His film career began at Biograph in 1910 with "The Roman Slave", directed by D.W. Griffith. He stayed almost a year at Biograph, although he was used mostly in small parts. In 1910 he left Biograph for Thanhouser. There he became a star, and Thanhouser put him in quite a few of its productions. His brother Albert Russell also appeared in several of his films.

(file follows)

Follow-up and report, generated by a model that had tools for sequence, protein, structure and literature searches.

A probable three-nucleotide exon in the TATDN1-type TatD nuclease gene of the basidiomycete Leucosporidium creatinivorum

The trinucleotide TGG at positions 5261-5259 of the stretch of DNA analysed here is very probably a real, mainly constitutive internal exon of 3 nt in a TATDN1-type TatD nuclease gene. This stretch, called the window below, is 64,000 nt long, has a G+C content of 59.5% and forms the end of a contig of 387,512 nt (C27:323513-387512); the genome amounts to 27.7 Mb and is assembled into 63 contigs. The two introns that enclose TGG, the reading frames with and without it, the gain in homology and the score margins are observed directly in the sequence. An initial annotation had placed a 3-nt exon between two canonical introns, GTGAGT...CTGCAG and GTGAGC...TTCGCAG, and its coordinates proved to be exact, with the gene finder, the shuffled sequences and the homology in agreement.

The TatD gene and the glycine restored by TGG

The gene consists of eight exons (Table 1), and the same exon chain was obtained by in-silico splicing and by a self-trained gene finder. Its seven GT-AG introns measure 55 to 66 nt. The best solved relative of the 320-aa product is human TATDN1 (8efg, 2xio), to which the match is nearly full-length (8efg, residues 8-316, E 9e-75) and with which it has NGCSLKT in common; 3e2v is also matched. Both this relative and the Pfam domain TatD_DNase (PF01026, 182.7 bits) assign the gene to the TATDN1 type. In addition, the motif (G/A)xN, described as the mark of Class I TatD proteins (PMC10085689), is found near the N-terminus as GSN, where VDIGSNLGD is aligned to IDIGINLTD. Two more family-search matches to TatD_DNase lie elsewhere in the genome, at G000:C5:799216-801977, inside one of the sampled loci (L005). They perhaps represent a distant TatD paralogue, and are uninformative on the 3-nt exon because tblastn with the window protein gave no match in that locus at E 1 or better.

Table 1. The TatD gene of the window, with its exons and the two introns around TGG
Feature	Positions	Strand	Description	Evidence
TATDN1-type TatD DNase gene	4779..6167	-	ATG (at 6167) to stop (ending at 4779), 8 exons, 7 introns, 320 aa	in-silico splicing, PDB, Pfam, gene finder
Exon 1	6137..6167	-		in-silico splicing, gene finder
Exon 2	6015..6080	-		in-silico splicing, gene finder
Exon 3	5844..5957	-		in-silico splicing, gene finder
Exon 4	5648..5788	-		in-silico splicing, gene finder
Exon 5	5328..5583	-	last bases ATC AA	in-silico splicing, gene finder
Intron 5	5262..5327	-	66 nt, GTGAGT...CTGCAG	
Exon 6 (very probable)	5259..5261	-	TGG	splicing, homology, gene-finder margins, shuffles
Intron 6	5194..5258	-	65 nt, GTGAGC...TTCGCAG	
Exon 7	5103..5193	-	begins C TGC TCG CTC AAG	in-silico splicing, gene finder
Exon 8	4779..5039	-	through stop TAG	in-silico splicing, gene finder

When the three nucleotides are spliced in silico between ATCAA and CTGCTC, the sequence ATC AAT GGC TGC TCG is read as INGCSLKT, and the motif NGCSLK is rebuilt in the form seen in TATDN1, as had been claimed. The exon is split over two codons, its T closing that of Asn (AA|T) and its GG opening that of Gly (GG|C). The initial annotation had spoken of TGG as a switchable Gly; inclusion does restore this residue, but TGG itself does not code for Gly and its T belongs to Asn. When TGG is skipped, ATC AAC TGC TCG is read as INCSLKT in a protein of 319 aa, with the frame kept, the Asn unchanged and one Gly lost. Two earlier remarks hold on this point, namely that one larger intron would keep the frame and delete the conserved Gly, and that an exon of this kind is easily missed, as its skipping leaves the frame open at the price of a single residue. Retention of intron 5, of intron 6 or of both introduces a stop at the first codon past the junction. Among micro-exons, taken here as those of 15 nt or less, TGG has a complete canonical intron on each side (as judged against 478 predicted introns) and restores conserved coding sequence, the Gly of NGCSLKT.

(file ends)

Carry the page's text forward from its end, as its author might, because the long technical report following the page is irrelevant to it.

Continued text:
In 1913 Russell left Thanhouser to return to Biograph, but later that year he again left Biograph to go back to Thanhouser. He finally left Thanhouser and worked for a variety of studios, both major and minor, over the next several years. In 1917 he married actress Charlotte Burton, but it ended in divorce four years later. From 1916 to 1920 he worked for American Film Co., appearing in The Torch Bearer (1916), The Strength of Donald McKenzie (1916) and The Man Who Would Not Die (1916), among others. In 1919 he formed his own production company, William Russell Productions, and produced and appeared in This Hero Stuff (1919), directed by Henry King. He freelanced at studios as varied as Fox Films and Victor. In the 1920s he decided to move to Hollywood after having spent much of his life in New York City. He married actress Helen Ferguson, and that marriage lasted until his death in Beverly Hills, California, on February 18, 1929, from pneumonia.
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